Vietnam hit hard by rising sea levels

Vietnam was one of the most vulnerable countries to rising sea levels, said former prime minister Nguyen Tan Dung.


 

Rising sea levels had affected the Mekong Delta region faster than forecasted


The Ministry of Natural Resources and Environment and the Southwest Steering Committee held a conference on climate issues and water resource management in the Mekong Delta region on September 26. 

The event attracted the participation of Deputy Prime Minister Vuong Dinh Hue and former PM Nguyen Tan Dung who was head of the national committee on climate change adaptation.

Dung said rising sea levels had affected the Mekong Delta region faster than forecasted.

Meanwhile, the construction of many hydropower dams along upstream area of Mekong River had also seriously affected the region.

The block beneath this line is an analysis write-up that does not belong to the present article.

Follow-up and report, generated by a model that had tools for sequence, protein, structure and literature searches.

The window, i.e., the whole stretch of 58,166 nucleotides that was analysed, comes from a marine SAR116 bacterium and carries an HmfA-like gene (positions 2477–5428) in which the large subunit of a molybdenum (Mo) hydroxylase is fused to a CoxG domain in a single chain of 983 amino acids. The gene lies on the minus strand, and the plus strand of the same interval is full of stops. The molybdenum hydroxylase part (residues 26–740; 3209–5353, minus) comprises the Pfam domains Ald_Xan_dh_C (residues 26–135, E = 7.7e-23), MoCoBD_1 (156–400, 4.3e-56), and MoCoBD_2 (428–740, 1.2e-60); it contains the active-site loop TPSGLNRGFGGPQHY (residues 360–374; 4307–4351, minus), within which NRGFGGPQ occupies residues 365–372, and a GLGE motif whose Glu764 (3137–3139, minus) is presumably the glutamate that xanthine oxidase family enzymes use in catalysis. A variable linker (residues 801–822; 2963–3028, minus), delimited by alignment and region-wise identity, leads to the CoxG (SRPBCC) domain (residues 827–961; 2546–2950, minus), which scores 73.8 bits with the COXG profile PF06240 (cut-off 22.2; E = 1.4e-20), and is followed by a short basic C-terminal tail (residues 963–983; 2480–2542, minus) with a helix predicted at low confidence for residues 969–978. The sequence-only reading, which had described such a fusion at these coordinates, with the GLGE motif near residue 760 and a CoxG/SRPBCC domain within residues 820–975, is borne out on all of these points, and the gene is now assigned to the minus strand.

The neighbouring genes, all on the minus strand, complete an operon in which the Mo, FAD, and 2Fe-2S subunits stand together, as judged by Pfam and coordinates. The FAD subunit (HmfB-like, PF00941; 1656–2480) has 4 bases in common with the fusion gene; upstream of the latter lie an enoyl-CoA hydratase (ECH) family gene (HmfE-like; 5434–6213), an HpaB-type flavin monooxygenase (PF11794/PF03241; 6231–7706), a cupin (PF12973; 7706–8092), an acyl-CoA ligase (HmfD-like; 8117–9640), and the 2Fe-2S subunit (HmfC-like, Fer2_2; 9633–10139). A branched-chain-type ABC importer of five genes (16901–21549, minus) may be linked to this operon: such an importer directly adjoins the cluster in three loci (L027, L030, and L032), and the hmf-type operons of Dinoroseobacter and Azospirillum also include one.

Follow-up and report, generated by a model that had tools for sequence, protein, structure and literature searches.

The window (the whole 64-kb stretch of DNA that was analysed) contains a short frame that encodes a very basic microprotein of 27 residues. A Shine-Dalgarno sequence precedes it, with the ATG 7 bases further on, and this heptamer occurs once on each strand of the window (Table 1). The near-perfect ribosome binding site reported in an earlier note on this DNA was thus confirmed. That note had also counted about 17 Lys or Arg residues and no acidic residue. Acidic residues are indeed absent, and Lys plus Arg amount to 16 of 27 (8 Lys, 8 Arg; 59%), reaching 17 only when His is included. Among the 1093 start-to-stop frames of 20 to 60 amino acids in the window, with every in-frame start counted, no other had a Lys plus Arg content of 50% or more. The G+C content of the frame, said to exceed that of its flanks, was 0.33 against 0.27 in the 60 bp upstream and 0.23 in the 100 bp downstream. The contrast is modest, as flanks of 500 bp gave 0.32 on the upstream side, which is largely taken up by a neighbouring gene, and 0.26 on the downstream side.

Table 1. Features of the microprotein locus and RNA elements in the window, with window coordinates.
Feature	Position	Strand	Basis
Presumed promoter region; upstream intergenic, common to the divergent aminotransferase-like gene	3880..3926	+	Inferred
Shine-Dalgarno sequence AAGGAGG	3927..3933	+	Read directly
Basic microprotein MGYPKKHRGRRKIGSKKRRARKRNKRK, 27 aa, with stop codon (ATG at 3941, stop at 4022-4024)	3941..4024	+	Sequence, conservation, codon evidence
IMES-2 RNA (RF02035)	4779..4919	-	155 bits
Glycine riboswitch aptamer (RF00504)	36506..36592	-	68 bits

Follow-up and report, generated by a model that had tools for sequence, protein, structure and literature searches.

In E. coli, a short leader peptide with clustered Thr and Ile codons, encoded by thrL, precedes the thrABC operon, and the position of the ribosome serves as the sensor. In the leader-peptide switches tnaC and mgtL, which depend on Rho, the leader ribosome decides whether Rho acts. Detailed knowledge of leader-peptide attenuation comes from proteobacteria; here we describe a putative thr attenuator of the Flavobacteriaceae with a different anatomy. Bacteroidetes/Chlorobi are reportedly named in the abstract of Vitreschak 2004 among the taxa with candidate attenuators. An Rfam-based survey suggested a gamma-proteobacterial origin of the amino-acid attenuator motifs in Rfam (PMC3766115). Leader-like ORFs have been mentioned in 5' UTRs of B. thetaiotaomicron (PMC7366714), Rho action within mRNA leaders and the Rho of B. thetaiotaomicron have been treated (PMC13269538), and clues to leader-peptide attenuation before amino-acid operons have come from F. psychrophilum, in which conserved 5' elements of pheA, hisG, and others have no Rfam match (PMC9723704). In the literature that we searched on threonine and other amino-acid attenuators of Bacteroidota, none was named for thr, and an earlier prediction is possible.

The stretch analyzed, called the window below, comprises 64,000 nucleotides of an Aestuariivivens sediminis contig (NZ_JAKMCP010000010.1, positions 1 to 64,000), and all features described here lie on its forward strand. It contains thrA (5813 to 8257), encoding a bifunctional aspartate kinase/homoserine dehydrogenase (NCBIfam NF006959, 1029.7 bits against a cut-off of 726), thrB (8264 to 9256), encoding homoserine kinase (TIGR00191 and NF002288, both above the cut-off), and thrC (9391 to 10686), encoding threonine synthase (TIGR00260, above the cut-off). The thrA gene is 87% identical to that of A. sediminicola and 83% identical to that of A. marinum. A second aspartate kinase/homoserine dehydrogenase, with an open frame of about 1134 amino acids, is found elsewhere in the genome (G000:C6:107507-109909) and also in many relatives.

“It is necessary to update the climate change scenario to have suitable planning for the region’s development. The Mekong Delta plays a very important role in the country’s development, so, we need to cope up with climate change issues to save the region by any means,” Dung noted.

According to the Ministry of Planning and Investment’s forecasts, 45% of the region’s area could face salt intrusion in the coming time if hydropower dams curb the current and allow greater saline intrusion.

Ca Mau Province has suffered long drought and serious salt intrusion.

The Ministry of Natural Resources and Environment has issued four sea level rise scenarios by the end of the 21st century with the highest sea water rise of 75cm.

Deputy PM Vuong Dinh Hue said the fight against climate change issues needs the co-operation of different agencies from the local to central level.

Dtinews

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